The second section is all about chords. Knowing the formula for building chords is essential if you want to understand the concept of chord triads and chord inversions. You are also going to learn why we guitarists need barre chords and what the secret of that “barre” actually is. Once you nailed this, you are going to be taught how to name the chords in terms of roman numerals and how to build progressions out of them. Another important concept that is brought to you by Jeff Scheetz is the method to identify in which key your song is in so you know which chords to play in common progressions.

 

Moving on to section three, you move away from the harmonic side of music and turn towards the melodic side of it! Unless already familiar with them, you are going to be introduced to scales and different types of scales (pentatonic and blues scales as well as modes! Knowing which scale to play is crucial if you want to transfer the correct mood of a song and literally playing and staying on the same page as your fellow musicians.

Last but not least, there are some further important concepts that could certainly be put into the other sections but that are slightly more advanced. In section 4 you learn about the CAGED system and how it functions within the different chords that you can play all around the neck! This really opens up the whole neck for you and gives you more freedom and more voicings to explore! You will also learn how to move harmonies and how to arpeggiate chords. Those concepts will allow you to articulate yourself in a more complex way.

Let’s sum this course up… “Street Theory for Guitarists” by Jeff Scheetz and Truefire.com is one of those courses you may have wished as part of your starter kit, as part of your very first guitar as it can help you digest the massive load of information that you will have to acquire throughout your career. Theory is not boring at all. The way it used to be taught, however, was old-fashioned. Learn music theory the cool way with Jeff Scheetz and be able to connect with other musicians and actually speak the same language!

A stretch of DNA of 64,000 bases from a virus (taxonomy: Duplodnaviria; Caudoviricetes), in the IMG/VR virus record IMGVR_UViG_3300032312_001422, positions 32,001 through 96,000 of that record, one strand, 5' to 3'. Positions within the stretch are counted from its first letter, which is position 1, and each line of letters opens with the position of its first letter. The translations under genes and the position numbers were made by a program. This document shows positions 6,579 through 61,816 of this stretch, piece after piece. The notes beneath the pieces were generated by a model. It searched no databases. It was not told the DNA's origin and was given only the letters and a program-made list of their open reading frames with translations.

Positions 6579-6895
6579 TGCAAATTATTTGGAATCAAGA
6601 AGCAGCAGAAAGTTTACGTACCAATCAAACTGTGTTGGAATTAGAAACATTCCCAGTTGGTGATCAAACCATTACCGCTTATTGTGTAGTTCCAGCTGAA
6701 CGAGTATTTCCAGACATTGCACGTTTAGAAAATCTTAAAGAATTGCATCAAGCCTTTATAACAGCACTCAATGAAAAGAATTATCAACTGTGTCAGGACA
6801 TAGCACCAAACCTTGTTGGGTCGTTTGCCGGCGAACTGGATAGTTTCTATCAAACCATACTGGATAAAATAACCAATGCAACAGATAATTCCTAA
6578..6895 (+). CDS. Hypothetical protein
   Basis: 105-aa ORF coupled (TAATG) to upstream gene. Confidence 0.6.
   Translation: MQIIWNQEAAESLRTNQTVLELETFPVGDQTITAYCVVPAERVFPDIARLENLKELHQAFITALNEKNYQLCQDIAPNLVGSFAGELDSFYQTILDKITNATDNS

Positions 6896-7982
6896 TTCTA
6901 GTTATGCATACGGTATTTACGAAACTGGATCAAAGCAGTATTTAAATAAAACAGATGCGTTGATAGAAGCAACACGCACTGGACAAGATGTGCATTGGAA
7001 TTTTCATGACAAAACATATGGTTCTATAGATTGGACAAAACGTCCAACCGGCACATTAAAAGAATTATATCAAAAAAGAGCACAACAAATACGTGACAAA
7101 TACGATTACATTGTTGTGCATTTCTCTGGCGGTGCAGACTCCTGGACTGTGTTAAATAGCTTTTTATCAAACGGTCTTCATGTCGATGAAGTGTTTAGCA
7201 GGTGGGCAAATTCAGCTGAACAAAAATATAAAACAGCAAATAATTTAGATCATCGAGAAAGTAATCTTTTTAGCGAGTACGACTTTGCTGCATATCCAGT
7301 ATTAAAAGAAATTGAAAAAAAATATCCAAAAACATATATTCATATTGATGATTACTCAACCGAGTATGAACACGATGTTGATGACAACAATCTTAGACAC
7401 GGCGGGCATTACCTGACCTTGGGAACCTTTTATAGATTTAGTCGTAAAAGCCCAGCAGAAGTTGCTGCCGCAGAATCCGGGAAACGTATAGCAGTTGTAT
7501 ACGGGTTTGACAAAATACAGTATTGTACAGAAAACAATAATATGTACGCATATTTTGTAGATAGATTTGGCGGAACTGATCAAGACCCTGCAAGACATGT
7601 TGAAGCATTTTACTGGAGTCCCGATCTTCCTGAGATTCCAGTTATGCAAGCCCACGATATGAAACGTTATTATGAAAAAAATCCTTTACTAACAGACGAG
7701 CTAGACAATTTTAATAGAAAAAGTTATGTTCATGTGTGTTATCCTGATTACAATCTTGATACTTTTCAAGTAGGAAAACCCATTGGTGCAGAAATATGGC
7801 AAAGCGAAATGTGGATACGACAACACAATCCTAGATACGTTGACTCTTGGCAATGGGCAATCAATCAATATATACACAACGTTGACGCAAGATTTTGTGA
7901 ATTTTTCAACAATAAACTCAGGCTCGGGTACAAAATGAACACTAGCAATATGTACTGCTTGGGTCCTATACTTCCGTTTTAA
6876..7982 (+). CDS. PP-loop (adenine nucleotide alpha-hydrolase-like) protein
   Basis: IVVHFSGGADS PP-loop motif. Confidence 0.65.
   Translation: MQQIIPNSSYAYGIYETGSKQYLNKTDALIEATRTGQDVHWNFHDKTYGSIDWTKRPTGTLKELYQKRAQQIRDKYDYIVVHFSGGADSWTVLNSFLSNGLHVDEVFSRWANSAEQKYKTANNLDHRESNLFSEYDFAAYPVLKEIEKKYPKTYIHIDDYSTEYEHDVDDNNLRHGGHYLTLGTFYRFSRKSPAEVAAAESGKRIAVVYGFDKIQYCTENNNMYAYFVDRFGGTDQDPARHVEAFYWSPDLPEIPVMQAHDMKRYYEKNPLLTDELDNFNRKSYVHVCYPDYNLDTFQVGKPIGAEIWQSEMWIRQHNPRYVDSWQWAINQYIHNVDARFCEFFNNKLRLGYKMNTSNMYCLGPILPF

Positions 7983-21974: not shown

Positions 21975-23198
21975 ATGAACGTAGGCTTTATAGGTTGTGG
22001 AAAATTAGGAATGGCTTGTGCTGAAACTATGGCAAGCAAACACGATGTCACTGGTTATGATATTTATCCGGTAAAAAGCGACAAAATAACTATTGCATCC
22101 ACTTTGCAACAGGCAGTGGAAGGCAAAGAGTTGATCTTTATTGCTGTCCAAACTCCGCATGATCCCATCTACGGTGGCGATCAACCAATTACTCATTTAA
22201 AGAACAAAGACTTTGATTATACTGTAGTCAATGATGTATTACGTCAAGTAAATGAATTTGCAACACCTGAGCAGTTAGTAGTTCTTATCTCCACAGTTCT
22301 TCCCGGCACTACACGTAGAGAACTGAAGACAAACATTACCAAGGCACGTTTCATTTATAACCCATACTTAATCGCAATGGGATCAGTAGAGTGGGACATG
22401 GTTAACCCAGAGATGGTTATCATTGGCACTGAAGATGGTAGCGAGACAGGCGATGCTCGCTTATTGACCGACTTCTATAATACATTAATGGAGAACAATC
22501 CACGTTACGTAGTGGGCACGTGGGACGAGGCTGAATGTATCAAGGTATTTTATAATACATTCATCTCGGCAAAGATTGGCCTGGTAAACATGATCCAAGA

Highly recommended!

 

 

Lukas Wedrychowski

www.meridirhproductions.com – ‘cause music matters

 

This course was provided by Truefire.com

Fingerstyle Essentials | Fingerpicking Pattern No. 2

Hey everyone,

 

I wanted to share with you something I came up with recently. For all you beginners out there, I wanted to share my most important fingerstyle patterns that I learnt during my first 1,5 Years on the guitar.

It’s a nice 8th note pattern that builds up dynamically and allows for quite some emotional and intense fills and runs in your own performances.

Website Insert

Click here to download the study (.pdf format)

Fingerpicking Pattern No. 2

 

This fingerstyle study consists of three parts.

Part one shows you the very basic pattern. Starting with your middle finger (M), going over to your index finger (I), repeating that pattern and then moving up to the ring finger (R) and then a rundown with your M, I  before returning to your M.

So the basic version of this pattern in PIMA-format looks like this:

M-I-M-I-R-M-I-M

1  +  2 + 3  + 4 +

 

The second level of this pattern includes the bass note. On the 1 you simply add the respective bass note of the chord you are playing with the thumb (T).  So, say you are playing an Am chord. You then want to play the open 5th string.

M/T-I-M-I-R-M-I-M

1  +  2 + 3  + 4 +

 

Then I show you a small alteration of the pattern which gives you the possiblity of bridging to another chord or another sequence or generally a verse  or a chorus, depending on your arrangement’s or song’s structure.

M-I-M-I-R_R R_R     (R_R = like a tie; holding the note)

1  +  2 + 3  + 4 +

 

My approach ever since I started out as a beginner on the guitar was to transform everything I learn into music and having fun with it. That’s why I always want to show you what you can do with the stuff that I am showing you.

Below you will find my arrangement of “Mary Had A Little Lamb” in Am, featuring this beautiful fingerpicking pattern! Go check it out and don’t forget to leave a like, a comment and most importantly, to subscribe to my channel!

See you next time!

And don’t forget to have fun with your guitar! 😉